The goal of this article is to bring you up to speed on the current offerings in home automation technology. I'll starting by defining what home automation is and then describe the wide variety of systems and protocols available. I'll then finish with some tips for getting started and links to helpful online resources. Let's get to it!
"Home Automation" is a term that is sometimes hard for those who are new to the subject to understand the scope of. However, I think it's easier to explain to those of you who are already familiar with the concepts of home data networking.
When you first decided to build a home network, you probably started with a simple router and a few PCs. Then you probably added other components to that network, such as a file server or a networked printer.
Well, this is exactly how many people approach setting up a home automation network. In fact your home automation network could even be an extension of your existing basic home network (Figure 1).
Figure 1: Example Network
Home automation is nothing more than a network of devices, such as computers, lighting, security, irrigation and home theater systems, that all have a method to communicate with each other. Actions are then performed based on the state of each of those devices.
For example, if you turn on your home theater and push "Play" on a remote, the theater would tell the other devices that this event has taken place. Other devices may then respond by turning off lighting and increasing the temperature in the theater room.
But Home Automation can also be as simple as a "universal" remote control that runs a macro. Every time you turn on your DVD player using the universal remote, the controller can send out a series of IR signals to also turn on your TV and surround sound system. All you have to do is press one button and several actions are performed.
Every family has their own unique needs, which can be as simple as controlling the TV and as complex as knowing where every child is, in and around the house, using RFID and motion sensors. Since I'm sure you can all program a universal remote and this is a networking site, we will be focusing on the more interesting and complex applications.
A home automation network consists of one or more automation controllers and devices that are controlled. Controllers can be anything from a PC running inexpensive software, to a dedicated solid state hardware controller.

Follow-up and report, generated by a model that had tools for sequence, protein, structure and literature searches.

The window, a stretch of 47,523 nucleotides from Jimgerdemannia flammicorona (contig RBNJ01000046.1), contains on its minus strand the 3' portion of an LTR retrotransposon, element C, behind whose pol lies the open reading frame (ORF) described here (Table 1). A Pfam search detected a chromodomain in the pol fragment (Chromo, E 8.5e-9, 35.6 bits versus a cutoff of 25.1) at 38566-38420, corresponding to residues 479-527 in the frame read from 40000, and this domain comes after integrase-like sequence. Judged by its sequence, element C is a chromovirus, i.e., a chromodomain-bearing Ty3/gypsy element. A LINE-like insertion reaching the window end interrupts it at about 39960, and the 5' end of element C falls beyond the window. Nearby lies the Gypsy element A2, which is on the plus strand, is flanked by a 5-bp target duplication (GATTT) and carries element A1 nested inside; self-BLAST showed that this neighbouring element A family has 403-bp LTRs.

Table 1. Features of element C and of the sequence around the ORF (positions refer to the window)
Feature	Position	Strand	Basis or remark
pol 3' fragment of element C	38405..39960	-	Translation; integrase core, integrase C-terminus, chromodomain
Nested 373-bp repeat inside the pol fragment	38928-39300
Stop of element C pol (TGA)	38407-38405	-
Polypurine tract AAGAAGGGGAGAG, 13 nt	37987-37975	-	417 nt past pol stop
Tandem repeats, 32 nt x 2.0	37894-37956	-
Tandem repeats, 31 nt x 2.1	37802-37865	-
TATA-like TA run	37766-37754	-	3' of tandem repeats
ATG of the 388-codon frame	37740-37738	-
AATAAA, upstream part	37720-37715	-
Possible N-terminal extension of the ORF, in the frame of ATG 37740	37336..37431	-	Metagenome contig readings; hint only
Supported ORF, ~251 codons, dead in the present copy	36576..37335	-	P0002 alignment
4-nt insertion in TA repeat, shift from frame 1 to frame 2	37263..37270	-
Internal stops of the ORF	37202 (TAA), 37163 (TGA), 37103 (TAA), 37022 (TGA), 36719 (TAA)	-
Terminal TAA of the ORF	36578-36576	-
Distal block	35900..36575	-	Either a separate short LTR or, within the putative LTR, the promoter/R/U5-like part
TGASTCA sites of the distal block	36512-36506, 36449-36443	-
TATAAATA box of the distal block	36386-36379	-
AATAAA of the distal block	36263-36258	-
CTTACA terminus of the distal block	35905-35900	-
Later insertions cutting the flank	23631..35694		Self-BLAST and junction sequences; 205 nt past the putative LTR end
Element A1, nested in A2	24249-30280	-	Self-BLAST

The key to a good automation controller is its input and output capabilities, which allow connecting various types of devices as well as its programable logic engine that gives the controller intelligence.
PCs are the most flexible controllers in that they allow you to add additional serial and USB ports as you need them. You can also use third party products for analog and digital inputs for performing measurements such as temperature sensing or monitoring the state of a relay.
Solid state hardware controllers are the most reliable, because they don't have moving parts and therefore don't have mechanical failures like a PC would. Dedicated hardware controllers also consume less energy. Some solid state controllers are extremely flexible and allow you to add additional modules to expand the capabilities of the system.
The remaining parts of your home automation network are made up of just about anything you can think of. Some of the more common components are light switches, thermostats, sprinkler systems, and audio and video equipment, just to name a few.
Typically, each of these devices communicates with the automation controller using one of a few communication mediums. Some may use wireless, while others may be hardwired.
Devices also speak different languages that are typically referred to as their protocol. Just because two devices are wireless does not mean they can talk directly to each other. If they don't speak the same language then you must rely on them talking to the controller and then the controller would talk back to the other device. The controller essentially becomes an intelligent hub.
There are several ways data can be exchanged between controllers and device, including power lines, wireless and dedicated cabling. Some protocols use a mixture of all three.
Power Line Control (PLC)
This method uses existing electrical AC wiring. In PLC-based systems, data transmissions are synchronized to the point where the AC voltage is zero (Figure 2)
Figure 2: PLC transmissions sync'd to voltage zero crossing
(Image courtesy of HomeTech Solutions)
Most US homes have two-phase power, which means that there are two 120 VAC lines (black) and a neutral line (white) which enter the home at the service entry point. At the breaker panel, the neutral wire is shared with each circuit while the two 120 V wires are divided among circuits, alternating with every other circuit. (Figure 3)
Figure 3: Phases alternate in breaker panel
The key point to note is that since there are two separate AC sources, there are essentially two separate networks in your home. If you plug one PLC device into your master bedroom and another into your master bathroom which is only a few feet away, there is a chance that they are on two separate circuits.